kramon blog

cycling between video and photography with an HDSLR at hand

photographing pro-cyclists: work fast!

with 4 comments

Tony Martin shoot
photographing Tony Martin  (pic by Joris Bulckens)

I’ve been traveling Europe extensively over the last weeks to see different (cycling) Proteams for the next SHIMANO-campaign that will appear in international cycling-magazines in the near future. This time of year all teams have their traditional training-camps (mostly in Europe) where they get to know the new team-mates, check out new gear, let their press-pics be taken,… and train for the new season. I’m photographing the riders in a studio-setup that I drag around with me. Luckily I have an assistant to carry the load with me from hotel to hotel.

Meeting riders and teams like this is great. Mostly there is no stress involved and it allows you to get to know each other a little bit. During racing-season too many people want too many things from the riders and I always try to keep a low profile then and try not to ‘want’ something from the riders. When making portraits at the start of the race I make it a point to take that picture within 10 seconds.

George Hincapie
George Hincapie at Gent-Wevelgem

These are my self-imposed rules when taking portraits at the start of a race:

1/ ALWAYS ask the rider if it’s ok to take a picture; if the rider says ‘no’ I thank him and leave him be            (this seldom happens)

2/ NEVER tell riders how to pose or ask them to take their helmet/glasses of

3/ be (technically) ready before you ask to take a picture

4/ take 1 picture

5/ if something went (technically) wrong, DO NOT ask for a second picture (better luck next time)

6/ THANK the rider and wish him a good ride

7/ do all of the above in less then 10 seconds

code word here: respect

I feel very privileged to be able to do what I do now. I spend about 10 to 15 minutes with each rider I have to portray for the campaign. After 1 or 2 shots I always show the riders the shot (on the back of my camera); so they get confident in my capabilities (as a photographer) + they can check if their hair (or other things…) is in place.

I make sure I get the campaign-shots in a few minutes time. Riders appreciate the fact I work fast; they’re not models by nature… and like (almost) everybody else; they hate being in front of the camera. I can relate to that feeling. I try to make the shoot as pleasant and efficient as possible. THAT is my job. If I can make them walk off the set and they didn’t mind the shoot that much; I know I succeeded.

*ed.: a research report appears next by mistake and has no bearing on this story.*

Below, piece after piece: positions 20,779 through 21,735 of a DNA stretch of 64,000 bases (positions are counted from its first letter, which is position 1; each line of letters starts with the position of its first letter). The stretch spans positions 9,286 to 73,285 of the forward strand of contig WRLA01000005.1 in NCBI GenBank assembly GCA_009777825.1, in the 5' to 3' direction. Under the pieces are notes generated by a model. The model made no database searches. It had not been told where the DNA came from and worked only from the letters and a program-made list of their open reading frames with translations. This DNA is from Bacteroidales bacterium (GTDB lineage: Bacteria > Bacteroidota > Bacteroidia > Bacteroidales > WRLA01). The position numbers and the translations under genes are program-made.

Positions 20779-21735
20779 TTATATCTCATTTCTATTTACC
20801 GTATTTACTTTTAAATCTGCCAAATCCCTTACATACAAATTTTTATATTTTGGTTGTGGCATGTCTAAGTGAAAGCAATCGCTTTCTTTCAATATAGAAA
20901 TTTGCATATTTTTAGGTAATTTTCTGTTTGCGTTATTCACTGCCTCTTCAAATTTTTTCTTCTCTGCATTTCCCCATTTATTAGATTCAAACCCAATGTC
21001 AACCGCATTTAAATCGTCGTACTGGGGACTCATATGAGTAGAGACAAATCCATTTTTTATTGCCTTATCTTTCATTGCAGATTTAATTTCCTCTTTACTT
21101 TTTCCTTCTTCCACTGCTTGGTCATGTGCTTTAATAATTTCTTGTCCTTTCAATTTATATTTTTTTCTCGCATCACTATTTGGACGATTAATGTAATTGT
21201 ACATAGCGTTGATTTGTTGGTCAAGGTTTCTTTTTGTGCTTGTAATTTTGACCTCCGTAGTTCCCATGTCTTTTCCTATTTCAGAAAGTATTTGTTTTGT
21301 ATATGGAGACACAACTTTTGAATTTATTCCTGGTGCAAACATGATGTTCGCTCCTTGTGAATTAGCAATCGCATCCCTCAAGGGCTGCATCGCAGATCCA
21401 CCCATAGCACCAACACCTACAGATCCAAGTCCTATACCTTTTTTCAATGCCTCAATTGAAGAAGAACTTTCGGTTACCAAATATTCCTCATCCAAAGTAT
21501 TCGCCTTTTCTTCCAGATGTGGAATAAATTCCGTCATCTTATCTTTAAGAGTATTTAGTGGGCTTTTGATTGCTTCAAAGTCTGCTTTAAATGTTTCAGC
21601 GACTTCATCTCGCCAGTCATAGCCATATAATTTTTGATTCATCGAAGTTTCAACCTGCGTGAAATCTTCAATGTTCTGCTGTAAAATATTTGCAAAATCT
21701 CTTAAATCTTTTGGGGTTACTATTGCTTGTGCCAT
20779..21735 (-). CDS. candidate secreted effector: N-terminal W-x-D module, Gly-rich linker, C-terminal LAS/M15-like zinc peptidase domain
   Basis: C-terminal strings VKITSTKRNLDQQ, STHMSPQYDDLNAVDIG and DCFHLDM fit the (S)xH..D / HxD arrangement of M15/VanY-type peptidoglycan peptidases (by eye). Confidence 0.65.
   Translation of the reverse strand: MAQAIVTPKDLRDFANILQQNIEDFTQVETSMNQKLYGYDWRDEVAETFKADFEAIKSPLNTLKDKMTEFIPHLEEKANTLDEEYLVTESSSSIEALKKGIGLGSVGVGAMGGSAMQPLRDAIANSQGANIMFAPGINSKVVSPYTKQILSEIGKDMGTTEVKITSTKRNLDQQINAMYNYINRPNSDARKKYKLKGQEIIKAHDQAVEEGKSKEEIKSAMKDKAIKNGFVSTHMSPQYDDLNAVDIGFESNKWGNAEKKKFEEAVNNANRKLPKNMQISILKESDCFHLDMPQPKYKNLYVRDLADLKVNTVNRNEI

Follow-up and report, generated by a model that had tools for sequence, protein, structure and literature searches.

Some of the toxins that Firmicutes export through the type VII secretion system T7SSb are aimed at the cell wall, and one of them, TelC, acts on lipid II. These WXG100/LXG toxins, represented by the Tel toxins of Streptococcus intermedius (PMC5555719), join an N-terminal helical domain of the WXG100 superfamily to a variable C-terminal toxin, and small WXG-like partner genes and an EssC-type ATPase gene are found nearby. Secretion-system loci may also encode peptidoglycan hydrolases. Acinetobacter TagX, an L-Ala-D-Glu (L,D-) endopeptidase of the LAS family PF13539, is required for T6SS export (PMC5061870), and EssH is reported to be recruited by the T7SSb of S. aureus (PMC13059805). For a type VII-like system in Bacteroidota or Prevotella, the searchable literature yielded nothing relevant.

Cancellara photo-check
Cancellara checks first images (pic by Joris Bulckens)

When presented with the opportunity I also try to go along a training-ride with the team. When with Team FdJ a few days ago, I made these nice shots of their TT-training that day. Luckily I drove along on a sunny winter-day in the Provence (France). Lucky me.

Advertisements

Written by kristoframon

January 28, 2011 at 01:10

4 Responses

Subscribe to comments with RSS.

  1. Great advice.
    Love the photo on this page on George Hincapie, excellent.

    Chance

    January 28, 2011 at 05:12

  2. Wonderful advice. Love your work!

    wade

    January 29, 2011 at 01:04

  3. Very nice work indeed! Can you comment on how you light pictures like the one of George Hincapie? Thanks a lot!

    Rob

    March 28, 2012 at 12:21


Leave a Reply

Fill in your details below or click an icon to log in:

WordPress.com Logo

You are commenting using your WordPress.com account. Log Out / Change )

Twitter picture

You are commenting using your Twitter account. Log Out / Change )

Facebook photo

You are commenting using your Facebook account. Log Out / Change )

Google+ photo

You are commenting using your Google+ account. Log Out / Change )

Connecting to %s

%d bloggers like this: